Friday, 7 June 2013

Falafel


The world is grateful for the chickpea, it provides protein in a vegetable form for a huge number of people from the chana masala and pakora eaten in India, to the hummus and falafel eaten in the Middle East. Here is my recipe for falafel. The biggest mistake that is made in making falafel, is to use cooked chickpeas. It's possible of course to make a rissole type morsel from cooked chickpeas, but they wont be falafel. Chick peas have the ability to bind with other ingredients without the use of egg, this is true of both the flour as seen in pakora click here for the recipe and the ground up raw chickpeas in this recipe. I always like to add a little vegetable when I make falafel, this can be a small amount of carrot, a stalk of broccoli, a piece of green or red pepper or in this case a stick of celery. I also add a teaspoon of sugar to the mix to counter the slight bitterness of the gram flour.

For this recipe you will need;
250g of dried chickpeas soaked for 8 hours or overnight.
2 fat cloves of garlic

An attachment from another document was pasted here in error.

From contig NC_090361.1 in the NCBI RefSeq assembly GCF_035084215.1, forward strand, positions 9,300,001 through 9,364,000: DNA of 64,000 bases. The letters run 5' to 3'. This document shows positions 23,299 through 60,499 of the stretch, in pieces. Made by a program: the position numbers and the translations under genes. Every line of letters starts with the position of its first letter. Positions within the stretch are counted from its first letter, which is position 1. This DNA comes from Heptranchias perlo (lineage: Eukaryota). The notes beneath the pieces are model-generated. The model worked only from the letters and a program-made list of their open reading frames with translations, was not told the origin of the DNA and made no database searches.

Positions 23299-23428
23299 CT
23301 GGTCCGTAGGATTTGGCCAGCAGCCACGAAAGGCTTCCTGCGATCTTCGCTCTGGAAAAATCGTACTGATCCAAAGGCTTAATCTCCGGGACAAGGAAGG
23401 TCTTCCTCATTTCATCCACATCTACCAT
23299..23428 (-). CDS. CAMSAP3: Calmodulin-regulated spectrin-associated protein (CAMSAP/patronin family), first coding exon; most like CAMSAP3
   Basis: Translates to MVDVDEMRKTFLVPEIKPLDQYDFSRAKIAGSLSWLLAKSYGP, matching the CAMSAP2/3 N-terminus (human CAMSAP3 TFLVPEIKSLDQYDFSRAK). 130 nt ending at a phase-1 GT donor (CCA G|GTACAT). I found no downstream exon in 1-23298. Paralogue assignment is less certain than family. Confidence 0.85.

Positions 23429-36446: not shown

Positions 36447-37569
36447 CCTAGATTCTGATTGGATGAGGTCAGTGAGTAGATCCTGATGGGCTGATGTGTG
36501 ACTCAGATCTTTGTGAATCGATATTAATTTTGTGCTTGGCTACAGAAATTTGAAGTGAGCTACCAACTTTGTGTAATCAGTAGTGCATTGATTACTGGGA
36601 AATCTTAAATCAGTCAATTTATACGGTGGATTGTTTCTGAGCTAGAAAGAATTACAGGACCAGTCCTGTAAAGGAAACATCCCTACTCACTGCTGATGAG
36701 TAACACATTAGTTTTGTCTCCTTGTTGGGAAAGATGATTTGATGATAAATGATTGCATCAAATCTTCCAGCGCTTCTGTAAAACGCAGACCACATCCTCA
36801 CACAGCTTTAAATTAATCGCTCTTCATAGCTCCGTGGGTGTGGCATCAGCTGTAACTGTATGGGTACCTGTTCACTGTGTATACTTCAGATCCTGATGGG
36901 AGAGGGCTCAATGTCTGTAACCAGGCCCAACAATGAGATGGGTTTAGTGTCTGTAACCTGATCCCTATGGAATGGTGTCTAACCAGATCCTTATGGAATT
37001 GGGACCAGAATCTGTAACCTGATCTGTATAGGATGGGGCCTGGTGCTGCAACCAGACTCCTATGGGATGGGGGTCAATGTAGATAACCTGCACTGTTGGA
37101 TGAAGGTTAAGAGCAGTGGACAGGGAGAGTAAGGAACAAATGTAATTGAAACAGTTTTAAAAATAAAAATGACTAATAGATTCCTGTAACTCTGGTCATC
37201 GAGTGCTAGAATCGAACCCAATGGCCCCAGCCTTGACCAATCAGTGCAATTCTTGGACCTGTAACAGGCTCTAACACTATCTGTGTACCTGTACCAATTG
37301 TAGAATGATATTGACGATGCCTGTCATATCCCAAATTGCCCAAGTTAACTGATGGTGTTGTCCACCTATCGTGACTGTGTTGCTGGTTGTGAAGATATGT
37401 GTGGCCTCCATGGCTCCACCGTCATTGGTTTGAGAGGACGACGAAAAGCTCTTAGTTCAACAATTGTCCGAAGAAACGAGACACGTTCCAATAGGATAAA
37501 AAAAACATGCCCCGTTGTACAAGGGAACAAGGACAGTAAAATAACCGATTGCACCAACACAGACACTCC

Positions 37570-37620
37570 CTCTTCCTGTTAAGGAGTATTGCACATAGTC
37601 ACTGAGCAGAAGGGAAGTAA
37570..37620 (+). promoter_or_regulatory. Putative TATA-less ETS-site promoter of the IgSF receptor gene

1 stick of celery
A small bunch of flat leafed parsley, about 2 tablespoons when finely chopped
140g of gram flour
2 teaspoons of Marigold bouillon powder or 1 teaspoon of salt
1/2 teaspoon of black pepper
1/2 small red chilli
1 teaspoon of sugar

Begin by grinding up the garlic, chilli, parsley. celery and seasoning in a food processor. Add half the soaked chickpeas and process until you have a medium coarse mix. Tip the mix out into a large bowl and place the remaining chickpeas in the food processor with a couple of tablespoons of water and blend to a smooth paste. Add to the other mix along with the gram flour and mix together, adding just enough water to be able to make a cohesive mix that you can form into small balls to deep fry. I use two spoons to make small quenelle. Heat up a large container of vegetable oil to 180C and deep fry about 8 to 10 at a time. Deep frying should always be carried out in a container half filled with oil so that the oil has room to expand without spilling over. I use a large karhai or Indian wok. Fry for about 2 to 3 minutes on each side until they are golden brown and crisp. Although falafel are perfectly good cooled down, there is nothing quite as lovely as a falafel that has just been fried, the outside is crisp, the inside, tender, steaming and moist. The crunchy texture of the outside is enhanced by not over grinding the chickpeas initially, creating a medium course texture.




Notes:
You can vary the flavour by adding a little freshly ground cumin seeds to the mix.
In Egypt fava beans are often used in place of chickpeas.
The worst falafel I ever had the misfortune to eat were in Bethlehem, I think the oil they were cooked in dated back quite possibly to biblical times.
   

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